In my 2014 predictions posting a few days ago there was something I cited that was going to be big in the coming year and one thing I forgot to mention. The one cited was crowd sourcing. Exemplified by Kickstarter, crowd-funding is the egalitarian way any or all of us can become angel investors in products and services we believe have legs. The one I neglected was actually something I have been thinking about since Google recently made an acquisition in the space setting off lots of speculation about its intentions, robotics.
The interesting thing is that you can start the New Year by getting your hands around both trends. Wall, NJ-based Five Elements Robotics has launched a Kickstarter campaign for its Budgee™ robot (see below) that you ought to check out. It will enable you to look at what some intrepid entrepreneurs are up to in what is sure to be an emerging market, and if you are not familiar with how crowd-funding works this is a nice way to find out.
Source: Five Elements Robotics (Budgee™)
If you go to the Kickstarter page for Budgee™, who currently has the tagline “The Friendly Robot That Carries Your Stuff,” you will see the stats for the campaign. Launched on January 2, 2014, when I checked in they already had 7 backers and a little over $4,000 on the way toward reaching the goal of $100,000 by the end of January.
With the cautionary note that I have no advice to provide as to whether this is something you should be interested in, and hence you are on your own to do the due diligence on this and make your own decisions about you wish to be a Budgee angel.
As part of that investigation process you should view the video on the subject from company CEO Wendy Roberts, and check out the utility of Budgee and see if you think based on its capabilities, including voice interactions and controllability via smartphones and tablets, if this is a fad or possible fast mover in nascent space.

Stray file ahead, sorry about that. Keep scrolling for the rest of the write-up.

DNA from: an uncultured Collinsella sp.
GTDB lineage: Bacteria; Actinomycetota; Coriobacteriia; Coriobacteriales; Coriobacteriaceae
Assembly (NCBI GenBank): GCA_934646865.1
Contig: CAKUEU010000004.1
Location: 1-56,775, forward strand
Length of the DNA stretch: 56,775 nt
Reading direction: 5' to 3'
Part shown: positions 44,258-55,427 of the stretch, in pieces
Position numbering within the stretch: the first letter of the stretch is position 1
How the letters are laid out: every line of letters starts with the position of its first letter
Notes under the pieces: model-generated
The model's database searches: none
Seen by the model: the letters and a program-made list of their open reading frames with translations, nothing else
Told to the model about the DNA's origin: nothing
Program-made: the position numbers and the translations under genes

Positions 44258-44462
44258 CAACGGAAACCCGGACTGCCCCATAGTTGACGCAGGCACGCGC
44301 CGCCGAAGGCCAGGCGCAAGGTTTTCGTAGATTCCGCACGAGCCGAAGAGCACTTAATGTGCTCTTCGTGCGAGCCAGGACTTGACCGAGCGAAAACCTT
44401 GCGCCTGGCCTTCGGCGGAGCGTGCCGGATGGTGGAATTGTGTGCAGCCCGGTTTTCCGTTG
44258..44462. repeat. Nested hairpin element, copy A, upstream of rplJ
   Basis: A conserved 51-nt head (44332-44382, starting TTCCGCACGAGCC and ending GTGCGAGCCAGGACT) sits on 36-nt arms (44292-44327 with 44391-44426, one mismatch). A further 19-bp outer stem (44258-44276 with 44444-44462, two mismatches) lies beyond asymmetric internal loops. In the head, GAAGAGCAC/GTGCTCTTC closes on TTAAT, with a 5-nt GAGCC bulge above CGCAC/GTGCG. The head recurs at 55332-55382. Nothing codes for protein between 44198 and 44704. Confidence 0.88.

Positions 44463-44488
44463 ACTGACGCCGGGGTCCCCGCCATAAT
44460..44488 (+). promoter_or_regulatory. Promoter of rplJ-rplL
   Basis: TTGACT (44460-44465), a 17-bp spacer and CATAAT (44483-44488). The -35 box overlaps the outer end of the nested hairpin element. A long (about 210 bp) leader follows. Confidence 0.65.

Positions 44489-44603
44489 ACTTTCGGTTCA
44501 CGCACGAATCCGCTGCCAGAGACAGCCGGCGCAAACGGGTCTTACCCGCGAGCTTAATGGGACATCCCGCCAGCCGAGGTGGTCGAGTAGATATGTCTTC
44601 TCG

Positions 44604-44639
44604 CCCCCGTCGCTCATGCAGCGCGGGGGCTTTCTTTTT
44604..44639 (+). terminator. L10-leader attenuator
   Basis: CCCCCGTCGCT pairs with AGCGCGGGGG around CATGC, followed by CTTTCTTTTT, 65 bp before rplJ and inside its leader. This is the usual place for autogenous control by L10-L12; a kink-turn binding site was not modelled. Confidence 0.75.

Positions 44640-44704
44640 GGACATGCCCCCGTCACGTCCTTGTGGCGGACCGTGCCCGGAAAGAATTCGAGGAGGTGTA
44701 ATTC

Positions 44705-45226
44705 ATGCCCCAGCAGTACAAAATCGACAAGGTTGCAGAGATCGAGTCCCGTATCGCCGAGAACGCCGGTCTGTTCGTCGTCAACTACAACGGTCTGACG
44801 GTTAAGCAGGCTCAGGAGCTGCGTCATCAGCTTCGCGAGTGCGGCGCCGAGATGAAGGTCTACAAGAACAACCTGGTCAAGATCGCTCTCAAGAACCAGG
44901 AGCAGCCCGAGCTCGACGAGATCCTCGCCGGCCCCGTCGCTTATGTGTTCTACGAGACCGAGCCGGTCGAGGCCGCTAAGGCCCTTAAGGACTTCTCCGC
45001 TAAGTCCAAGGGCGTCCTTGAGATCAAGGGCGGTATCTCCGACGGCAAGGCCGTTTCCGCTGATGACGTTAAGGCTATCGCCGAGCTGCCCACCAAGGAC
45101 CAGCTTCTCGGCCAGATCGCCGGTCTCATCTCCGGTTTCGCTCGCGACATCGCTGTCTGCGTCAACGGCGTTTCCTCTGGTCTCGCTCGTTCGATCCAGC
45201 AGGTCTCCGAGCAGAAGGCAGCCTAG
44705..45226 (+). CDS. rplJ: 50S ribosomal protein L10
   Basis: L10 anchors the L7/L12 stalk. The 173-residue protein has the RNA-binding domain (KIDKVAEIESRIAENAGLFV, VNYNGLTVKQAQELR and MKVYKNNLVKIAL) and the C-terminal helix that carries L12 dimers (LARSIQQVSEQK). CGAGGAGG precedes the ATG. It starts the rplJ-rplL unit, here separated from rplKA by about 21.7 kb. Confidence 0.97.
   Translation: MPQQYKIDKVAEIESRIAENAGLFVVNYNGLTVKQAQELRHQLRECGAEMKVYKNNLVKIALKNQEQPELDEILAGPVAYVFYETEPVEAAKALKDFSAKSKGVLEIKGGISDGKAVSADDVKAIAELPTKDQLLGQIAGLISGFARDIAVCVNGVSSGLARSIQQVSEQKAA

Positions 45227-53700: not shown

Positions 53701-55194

It is too bad the term “personal digital assistant” has been overused and rests peacefully in the industry jargon waste disposal area. The depicted use of Budgee for those who have mobility challenges makes sense depending on price points and acceptance for coverage by insurance. The mass market and retail appeal of the roughly 20 pound and collapsible/cartable Budgee (who looks a little like the robot in the Disney movie Wall-E) remains to be seen. Price, ease-of-use, utility, security, liability, etc. all will play a role in its acceptance.
All of that taken into consideration, you have to at least appreciate that innovation on two fronts is off to an interesting start this year.
Why This Is Important: The campaign to fund personal helper robot Budgee™ highlights two major trends in 2014, crowd-sourcing and robotics. The Jetson era draws much closer.
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